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Somewhat confirmed but not official [doors on trams]

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  • #61
    Re: Somewhat confirmed but not official [doors on trams]

    I think this will be a lot like the various station gates found on some of the attractions. Initially there was a learning curve for both the public and the CM's. People got caught in the gates. CM's didn't know how to time the opening/closing of the gates. Chaos and slow load/unload/dispatch times. Eventually a pattern emerged as more and more people went through the process. Once the majority of individuals figured it out and the bugs were worked out things went back to a normal pace. Now we have gates and for the most part don't even think about it.

    So initially I think the doors will be a delay. However in the long run I think it will be something like what Monorail Man described.

    As to the lawsuit I believe the point of contention was the speed of the vehicle and not the actions of the individual. If you read the article, the one suing was not the one who fell asleep. She is the one who grabbed the sleeping person attempting to save them and in the process also fell out (thereby hitting her head on the pavement). The injuries were initially treated at a local hospital (if I had to guess it would be St Joe's) and from the description her injuries were pretty serious. The legal question posed was in regards to the safety of traveling in a moving vehicle without doors irrespective of the speed. the trams sit pretty high up, and I've had to grab my own kids on the curve to keep them from sliding. I really think from a safety standpoint this is a good step.

    If the install point is a tent in the parking lot then I question just how many "bells and whistles" will be included in these doors. My "guess" is that this may be a "test and adjust" point and not necessarily an install point. Eventually it would be nice to have automatic doors with magnetic locks. I don't know if Disney will foot the bill for it, but from an efficiency/safety standpoint they may not have a choice.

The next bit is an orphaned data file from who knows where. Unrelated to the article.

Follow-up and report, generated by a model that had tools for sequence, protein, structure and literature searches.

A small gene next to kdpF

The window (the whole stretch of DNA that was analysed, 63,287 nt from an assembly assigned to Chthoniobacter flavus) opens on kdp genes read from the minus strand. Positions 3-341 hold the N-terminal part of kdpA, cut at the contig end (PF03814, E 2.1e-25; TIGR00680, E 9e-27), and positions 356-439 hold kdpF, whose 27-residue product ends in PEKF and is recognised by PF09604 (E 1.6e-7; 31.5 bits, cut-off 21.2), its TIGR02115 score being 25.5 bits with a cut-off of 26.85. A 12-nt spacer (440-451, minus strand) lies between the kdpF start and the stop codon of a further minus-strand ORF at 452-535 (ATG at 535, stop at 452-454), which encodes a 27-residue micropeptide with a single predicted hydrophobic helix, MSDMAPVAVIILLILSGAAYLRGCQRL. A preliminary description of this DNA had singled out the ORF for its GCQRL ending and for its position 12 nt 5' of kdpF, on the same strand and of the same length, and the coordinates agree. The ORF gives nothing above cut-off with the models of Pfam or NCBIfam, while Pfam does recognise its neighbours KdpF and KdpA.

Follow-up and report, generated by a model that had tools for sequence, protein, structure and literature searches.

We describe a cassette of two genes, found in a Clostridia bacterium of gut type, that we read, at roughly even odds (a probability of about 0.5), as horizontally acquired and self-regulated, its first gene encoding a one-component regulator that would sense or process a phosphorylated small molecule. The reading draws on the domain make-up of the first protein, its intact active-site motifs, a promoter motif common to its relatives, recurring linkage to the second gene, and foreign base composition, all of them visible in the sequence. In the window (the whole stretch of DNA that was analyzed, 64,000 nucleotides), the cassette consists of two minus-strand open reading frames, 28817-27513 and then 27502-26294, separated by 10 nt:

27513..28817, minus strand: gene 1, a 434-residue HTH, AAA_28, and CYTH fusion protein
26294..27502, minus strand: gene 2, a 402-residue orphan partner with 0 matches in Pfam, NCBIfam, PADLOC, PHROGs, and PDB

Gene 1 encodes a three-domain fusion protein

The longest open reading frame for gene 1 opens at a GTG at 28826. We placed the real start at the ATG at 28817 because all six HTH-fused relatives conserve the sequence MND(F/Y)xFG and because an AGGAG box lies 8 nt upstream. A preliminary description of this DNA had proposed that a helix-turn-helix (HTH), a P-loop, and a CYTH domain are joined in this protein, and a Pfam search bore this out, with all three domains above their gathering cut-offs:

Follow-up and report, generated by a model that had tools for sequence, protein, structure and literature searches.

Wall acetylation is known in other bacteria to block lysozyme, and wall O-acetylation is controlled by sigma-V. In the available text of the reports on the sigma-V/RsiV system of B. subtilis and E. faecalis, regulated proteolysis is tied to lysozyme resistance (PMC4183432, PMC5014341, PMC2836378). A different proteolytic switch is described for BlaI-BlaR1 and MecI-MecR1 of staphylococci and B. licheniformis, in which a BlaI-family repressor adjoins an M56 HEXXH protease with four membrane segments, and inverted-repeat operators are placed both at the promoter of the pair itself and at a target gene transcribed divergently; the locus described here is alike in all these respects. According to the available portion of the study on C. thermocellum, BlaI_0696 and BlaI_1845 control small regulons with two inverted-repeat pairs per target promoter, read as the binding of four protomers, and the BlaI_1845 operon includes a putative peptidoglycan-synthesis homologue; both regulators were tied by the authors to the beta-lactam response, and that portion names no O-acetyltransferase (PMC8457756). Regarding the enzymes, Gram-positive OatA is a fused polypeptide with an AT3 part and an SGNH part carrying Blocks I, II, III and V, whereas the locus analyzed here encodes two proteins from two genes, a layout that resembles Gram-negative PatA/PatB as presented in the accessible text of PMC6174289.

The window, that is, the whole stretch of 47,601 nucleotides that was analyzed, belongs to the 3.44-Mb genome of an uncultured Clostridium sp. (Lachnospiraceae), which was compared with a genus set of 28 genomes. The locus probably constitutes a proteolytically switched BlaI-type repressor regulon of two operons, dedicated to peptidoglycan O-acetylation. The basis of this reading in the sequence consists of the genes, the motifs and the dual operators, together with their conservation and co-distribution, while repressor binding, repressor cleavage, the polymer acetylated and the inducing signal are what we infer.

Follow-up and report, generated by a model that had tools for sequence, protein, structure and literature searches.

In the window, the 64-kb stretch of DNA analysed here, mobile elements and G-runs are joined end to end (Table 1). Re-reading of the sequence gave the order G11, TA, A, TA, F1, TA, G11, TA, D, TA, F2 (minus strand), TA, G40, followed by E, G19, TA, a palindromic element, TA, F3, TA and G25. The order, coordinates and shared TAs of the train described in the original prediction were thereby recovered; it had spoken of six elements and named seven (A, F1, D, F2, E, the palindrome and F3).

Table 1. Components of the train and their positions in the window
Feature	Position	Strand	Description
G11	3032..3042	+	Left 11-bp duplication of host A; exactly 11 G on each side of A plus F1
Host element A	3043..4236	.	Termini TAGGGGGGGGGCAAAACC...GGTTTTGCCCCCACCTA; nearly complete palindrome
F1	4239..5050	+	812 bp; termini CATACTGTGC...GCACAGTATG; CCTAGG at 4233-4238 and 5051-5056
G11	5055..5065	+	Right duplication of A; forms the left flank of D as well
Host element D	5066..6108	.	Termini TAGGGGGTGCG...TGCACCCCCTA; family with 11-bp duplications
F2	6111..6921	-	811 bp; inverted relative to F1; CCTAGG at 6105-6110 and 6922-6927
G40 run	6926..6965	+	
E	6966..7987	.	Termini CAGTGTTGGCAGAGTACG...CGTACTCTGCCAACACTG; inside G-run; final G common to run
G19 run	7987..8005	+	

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    • #62
      Re: Somewhat confirmed but not official [doors on trams]

      PeopleMover... the tram has always been an inefficient and outdated method of transporting people from the parking structure to Disneyland. They needed to make it a temporary setup while the real transportation system, the Walt Disney PeopleMover, was installed. It's way more efficient and looks better as it glides overhead, and they have a captive audience for a while so they can use an in-car speaker system to announce stuff and tell people what's going on nowadays at the Resort.

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      • #63
        Re: Somewhat confirmed but not official

        Originally posted by Monorail Man View Post
        Call me in the minority, but I like this idea, for a handful of reasons:

        First of all, it will solve the problem of parents not understanding that their children shouldn't be sitting near the edges, should make dispatches faster.

        Second, the problem with people exiting the wrong side will be gone. Those doors don't get opened.

        Third, when they close the doors, there will be no more boarding. As it stands now, they make the call, but they still have to wait if people just keep continuing to board (this is especially a problem at WDW).

        This all seems logical to me.


        I'd have to concur with you Monorail Man. As silly as this case-study sounds, (Three elderly asian women fall off Disneyland tram when one of them falls asleep. Also, the woman who suffered the fractured skull was not the one who fell asleep) the doors on the trams seem to be a feature long overdue. If one asks the elderly to walk for up to ten hours in an amusement park, especially when having to care for a child (in the case of this most recent lawsuit, the woman's niece) one must assume that as soon as they can rest their feet, said elderly person will be inclined to dreariness. Personally, I know my parents can doze off quite easily in a movie theatre. I'd have to assume that they'd easily try to catch a nap on a tram after a long day at Disneyland. I'd be shocked if this was the first case of someone falling asleep on the trams. Disneytwins noted earlier in this thread that they themselves are inclined to a little post-park nap on occasion. Frankly I'm surprised Disney hasn't rectified this potential hazard already. With all the other logical reasons that Monorail Man posted, and yours truly quoted, why haven't the doors been added? My mother and father are in their sixties and seventies respectively. I know I'd feel significantly better about attending the parks with them, knowing the trams had doors. Sure I can keep an eye on pops, making sure he doesn't nod off. However, after a long day at the big D, I might be too tired to notice.
        In the beginning the Universe was created. This has made a lot of people very angry and been widely regarded as a bad move.

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